Even the most cautious of mobile projections can't downplay the incredible growth in mobile video consumption, and the ad dollars that follow. By 2017, eMarketer predicts that mobile video ad spend will hit $2.7 billion, or nearly 30% of total digital video ad spend.
But as in any case where the space grows at a breakneck pace, there is a deep information gap about capabilities, limitations and even definitions. Below are some common misconceptions we often hear around mobile video – and the actual truth.
Myth #1: The screen is smaller, so my ad will have less impact
Have you ever seen someone super-engaged as they play a sophisticated, high-resolution video game on their smartphone? Or on a train, using their commute to enjoy "Game of Thrones" on Netflix? Those little screens pack a lot of pixels, and video looks great on them.
Mobile video advertisers can capture consumers’ attention at all times of the day, not just while they’re at their desk at work or at home watching TV. And compared to online, mobile is far less cluttered -- no “banner blindness” means more space for brand recall. In fact, mobile video campaigns have been found to lead a 19X increase in aided awareness, a 4X increase in unaided awareness and a 2X increase in ad awareness, according to InsightExpress. Still don't think your ads will have impact? Think again.
Myth #2: No one is going to watch my video ad all the way though
Oh yes, they will. Nearly half (47.8%) watch mobile video ads to the end, according to Celtra's April report. They also found that having a video option encouraged engagement with an ad; about 14% of viewers interacted with an ad by playing a video.
Myth #3: It's pre-roll or nothing
Granted, pre-rolls do get significantly more impressions, but don't discount the rest. According to this Adobe study, ads placed at the end of a video have a better click-through rate (about 3%) than those placed within it or on the front end. Mid-roll ads have the highest completion rates, while post-rolls work best for direct-response advertisers with a call to action.
Myth #4: Calls to action all "click out" and require a mobile landing page
Not so. You can have activity within the video unit itself. On premium branded mobile video ad units, you'll find overlays that can engage users via swipe, shake, or other mobile-only actions that open up a branded slate that can house multiple videos, product information, and more.
Myth #5: All mobile video is clickable
Sorry, it isn’t. Even by the end of 2012, when mobile ad technology had already come so far, that functionality was not as widely available as you might imagine, especially if the video played directly in the "native player" of the mobile device.
Still, this year we’ve seen a burst of clickable, interactive elements for mobile video. These clicks don’t just lead the user out to a mobile landing page -- they can be customizable to include other types of calls to action. And since they’re non-linear, you can use text, graphical ads, or video overlays to display a message on top of the video content itself.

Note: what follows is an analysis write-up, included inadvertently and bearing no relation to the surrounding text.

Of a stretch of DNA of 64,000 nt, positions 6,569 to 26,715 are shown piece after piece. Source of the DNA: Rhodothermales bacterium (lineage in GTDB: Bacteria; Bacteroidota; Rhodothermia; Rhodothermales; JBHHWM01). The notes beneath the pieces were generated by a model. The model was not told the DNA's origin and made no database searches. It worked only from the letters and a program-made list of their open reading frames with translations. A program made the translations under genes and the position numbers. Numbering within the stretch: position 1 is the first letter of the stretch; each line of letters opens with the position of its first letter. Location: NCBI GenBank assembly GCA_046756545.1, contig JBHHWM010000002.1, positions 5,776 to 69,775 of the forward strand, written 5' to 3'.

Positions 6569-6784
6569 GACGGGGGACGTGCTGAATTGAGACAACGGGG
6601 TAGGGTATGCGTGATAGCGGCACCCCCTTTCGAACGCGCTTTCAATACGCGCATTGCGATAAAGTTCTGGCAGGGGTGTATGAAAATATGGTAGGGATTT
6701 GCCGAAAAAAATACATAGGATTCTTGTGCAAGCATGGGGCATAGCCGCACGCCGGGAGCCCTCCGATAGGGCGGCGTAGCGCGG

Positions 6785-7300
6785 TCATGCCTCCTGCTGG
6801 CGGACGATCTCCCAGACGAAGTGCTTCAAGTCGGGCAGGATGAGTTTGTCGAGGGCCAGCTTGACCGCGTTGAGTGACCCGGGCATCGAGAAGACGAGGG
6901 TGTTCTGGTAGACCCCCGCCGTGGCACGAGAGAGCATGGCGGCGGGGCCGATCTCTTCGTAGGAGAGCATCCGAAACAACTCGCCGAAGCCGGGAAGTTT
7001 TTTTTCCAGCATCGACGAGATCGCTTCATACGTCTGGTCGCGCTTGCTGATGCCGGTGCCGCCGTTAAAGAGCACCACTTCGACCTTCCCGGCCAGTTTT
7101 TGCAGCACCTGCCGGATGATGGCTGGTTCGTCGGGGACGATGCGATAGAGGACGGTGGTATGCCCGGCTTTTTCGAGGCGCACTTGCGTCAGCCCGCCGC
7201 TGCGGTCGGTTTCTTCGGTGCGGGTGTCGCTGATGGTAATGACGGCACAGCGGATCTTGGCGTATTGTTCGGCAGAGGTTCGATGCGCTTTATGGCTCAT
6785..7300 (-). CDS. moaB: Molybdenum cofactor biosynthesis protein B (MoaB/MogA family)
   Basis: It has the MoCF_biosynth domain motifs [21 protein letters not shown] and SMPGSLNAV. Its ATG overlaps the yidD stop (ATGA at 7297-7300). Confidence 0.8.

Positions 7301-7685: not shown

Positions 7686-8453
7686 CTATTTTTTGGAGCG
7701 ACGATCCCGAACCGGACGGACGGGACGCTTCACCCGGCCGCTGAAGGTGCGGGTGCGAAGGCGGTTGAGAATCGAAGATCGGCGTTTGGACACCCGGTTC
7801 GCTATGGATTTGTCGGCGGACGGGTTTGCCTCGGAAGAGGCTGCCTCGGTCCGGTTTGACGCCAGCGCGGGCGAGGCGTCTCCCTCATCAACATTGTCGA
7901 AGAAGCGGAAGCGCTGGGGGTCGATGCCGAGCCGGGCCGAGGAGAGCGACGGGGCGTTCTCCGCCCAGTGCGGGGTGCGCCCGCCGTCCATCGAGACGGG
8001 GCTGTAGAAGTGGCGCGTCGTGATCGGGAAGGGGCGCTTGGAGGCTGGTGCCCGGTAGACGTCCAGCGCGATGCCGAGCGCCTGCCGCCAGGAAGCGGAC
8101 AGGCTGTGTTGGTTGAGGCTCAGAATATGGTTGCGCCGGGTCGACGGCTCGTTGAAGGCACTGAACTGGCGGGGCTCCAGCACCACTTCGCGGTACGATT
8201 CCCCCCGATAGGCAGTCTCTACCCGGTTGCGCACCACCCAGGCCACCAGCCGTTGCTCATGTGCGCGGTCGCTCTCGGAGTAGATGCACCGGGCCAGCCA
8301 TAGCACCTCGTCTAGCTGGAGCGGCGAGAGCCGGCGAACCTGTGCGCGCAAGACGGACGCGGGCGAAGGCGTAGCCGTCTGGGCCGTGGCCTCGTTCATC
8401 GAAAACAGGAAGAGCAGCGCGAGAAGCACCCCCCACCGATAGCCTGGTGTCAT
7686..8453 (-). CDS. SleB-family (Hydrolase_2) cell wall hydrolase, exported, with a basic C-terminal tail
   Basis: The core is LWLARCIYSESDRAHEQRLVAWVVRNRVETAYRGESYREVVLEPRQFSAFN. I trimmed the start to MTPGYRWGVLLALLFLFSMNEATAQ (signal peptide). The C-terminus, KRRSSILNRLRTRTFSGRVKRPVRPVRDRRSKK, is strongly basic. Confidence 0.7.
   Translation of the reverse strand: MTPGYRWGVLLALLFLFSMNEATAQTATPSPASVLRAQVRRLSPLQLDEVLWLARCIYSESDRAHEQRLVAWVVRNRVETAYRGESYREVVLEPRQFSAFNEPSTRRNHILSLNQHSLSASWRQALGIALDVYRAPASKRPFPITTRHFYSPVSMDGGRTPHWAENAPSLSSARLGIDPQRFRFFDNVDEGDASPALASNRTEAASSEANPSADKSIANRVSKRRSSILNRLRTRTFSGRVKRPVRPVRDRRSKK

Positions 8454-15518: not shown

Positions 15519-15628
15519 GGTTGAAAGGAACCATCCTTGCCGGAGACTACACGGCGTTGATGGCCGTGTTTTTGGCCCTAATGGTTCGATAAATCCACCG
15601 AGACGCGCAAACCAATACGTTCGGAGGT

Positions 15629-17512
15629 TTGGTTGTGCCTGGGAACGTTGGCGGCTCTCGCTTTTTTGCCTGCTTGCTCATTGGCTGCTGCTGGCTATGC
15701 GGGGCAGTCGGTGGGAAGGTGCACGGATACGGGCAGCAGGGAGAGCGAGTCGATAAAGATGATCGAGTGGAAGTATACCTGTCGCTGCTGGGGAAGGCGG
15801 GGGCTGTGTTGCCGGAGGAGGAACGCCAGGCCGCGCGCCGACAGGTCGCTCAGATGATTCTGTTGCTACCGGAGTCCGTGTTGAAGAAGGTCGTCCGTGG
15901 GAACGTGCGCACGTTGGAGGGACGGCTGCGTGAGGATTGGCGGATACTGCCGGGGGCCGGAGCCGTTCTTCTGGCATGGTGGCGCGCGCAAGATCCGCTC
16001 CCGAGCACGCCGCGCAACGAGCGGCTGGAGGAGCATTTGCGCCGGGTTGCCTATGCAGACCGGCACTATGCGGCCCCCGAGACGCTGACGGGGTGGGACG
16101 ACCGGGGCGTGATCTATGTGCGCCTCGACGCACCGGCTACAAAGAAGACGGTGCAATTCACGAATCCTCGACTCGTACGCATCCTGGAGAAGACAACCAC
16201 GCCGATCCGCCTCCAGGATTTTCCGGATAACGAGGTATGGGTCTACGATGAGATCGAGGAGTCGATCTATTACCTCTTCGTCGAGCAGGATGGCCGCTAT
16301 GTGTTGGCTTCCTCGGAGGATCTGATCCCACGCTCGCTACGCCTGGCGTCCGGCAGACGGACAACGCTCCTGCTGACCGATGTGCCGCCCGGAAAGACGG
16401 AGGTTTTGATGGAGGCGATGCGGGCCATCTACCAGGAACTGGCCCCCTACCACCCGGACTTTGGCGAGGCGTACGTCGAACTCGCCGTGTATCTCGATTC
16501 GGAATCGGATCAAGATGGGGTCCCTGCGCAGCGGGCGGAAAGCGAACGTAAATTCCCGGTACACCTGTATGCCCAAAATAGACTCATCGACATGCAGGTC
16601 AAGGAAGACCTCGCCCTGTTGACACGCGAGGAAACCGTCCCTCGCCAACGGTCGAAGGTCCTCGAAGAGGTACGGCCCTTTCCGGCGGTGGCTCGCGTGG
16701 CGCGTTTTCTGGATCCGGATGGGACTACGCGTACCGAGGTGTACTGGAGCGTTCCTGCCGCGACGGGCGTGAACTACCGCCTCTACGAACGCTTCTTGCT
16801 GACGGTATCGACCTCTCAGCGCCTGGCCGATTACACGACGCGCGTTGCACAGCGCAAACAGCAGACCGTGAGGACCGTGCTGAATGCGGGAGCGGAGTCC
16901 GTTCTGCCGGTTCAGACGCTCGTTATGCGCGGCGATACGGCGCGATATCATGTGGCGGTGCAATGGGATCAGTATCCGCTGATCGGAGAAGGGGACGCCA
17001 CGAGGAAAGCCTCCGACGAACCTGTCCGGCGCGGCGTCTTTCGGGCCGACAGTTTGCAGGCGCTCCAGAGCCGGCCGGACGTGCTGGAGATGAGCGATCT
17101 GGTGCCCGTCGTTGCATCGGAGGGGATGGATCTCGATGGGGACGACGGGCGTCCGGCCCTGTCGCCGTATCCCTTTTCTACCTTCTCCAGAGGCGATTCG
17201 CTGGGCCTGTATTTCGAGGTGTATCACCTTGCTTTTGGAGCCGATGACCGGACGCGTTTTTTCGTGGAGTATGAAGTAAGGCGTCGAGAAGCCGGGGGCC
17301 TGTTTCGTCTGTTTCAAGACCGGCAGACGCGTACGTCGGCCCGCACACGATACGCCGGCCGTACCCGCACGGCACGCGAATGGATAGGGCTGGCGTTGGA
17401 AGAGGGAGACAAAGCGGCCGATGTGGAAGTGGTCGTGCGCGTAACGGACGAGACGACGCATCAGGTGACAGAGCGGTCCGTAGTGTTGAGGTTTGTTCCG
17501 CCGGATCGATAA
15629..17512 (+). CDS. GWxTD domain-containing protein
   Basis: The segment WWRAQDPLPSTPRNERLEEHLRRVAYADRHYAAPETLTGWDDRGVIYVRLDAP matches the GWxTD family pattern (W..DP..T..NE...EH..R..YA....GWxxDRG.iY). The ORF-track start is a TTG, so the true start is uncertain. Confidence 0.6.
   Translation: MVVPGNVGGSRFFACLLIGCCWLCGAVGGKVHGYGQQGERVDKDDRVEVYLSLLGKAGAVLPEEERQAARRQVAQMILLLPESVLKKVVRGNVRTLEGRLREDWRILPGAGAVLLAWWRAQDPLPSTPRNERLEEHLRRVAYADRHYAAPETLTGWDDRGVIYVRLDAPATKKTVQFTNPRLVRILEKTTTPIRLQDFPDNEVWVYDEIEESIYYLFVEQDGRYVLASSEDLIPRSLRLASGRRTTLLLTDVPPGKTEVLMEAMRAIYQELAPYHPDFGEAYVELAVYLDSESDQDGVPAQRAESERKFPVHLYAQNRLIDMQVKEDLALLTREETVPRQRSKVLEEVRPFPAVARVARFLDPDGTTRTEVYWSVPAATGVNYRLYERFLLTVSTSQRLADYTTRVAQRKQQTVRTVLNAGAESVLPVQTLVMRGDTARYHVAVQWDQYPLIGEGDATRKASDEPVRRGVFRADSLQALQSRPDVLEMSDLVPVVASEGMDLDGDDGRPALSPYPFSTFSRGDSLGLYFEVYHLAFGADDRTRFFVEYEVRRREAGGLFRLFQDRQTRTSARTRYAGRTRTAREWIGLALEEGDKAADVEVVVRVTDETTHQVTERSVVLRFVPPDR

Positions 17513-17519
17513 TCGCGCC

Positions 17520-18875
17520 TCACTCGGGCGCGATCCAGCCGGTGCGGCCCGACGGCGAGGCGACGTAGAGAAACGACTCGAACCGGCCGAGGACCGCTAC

Myth #6: Video consumption is mainly taking place on tablets
We keep hearing about how much video is being consumed on tablets, and that iPads are taking over from traditional TV viewing. But here's a stat for you, from Flurry: smartphones account for 90% of time spent watching mobile video, with only the remaining 10% of time spent watching video on tablets. This is especially significant given that smartphones only account for 79% of active users.
Myth #7: Mobile video isn't scalable
That may have been true last year, but it’s absolutely not true today. Billions of transparent, premium and brand-safe mobile video impressions are available. It’s so scalable, in fact, that advertisers can layer contextual and demographic targeting on top of it.
Myth #8: You can't really measure the impact of mobile video ads
Of course you can.You can measure clicks and completion rates in quartiles, and also run brand studies and ad effectiveness studies in conjunction with a mobile video campaign to measure its effectiveness. In addition, some ad platforms allow advertiser add survey-based research to measure the impact of their mobile ad video campaigns, which can provide validation that it is positively affecting their brand metrics.
Mobile video advertising is not only here to stay, it's only going to get better as the industry matures. And if the past year is any indication, that innovation will happen extremely fast -- bringing new levels of targeting, transparency, and more efficient ad serving for video ads. Add this to the already personal nature of mobile devices and the inherent opportunity within the video medium for brands to tell stories that attract, engage and emotionally involve their viewers, and we're looking at an enormous opportunity.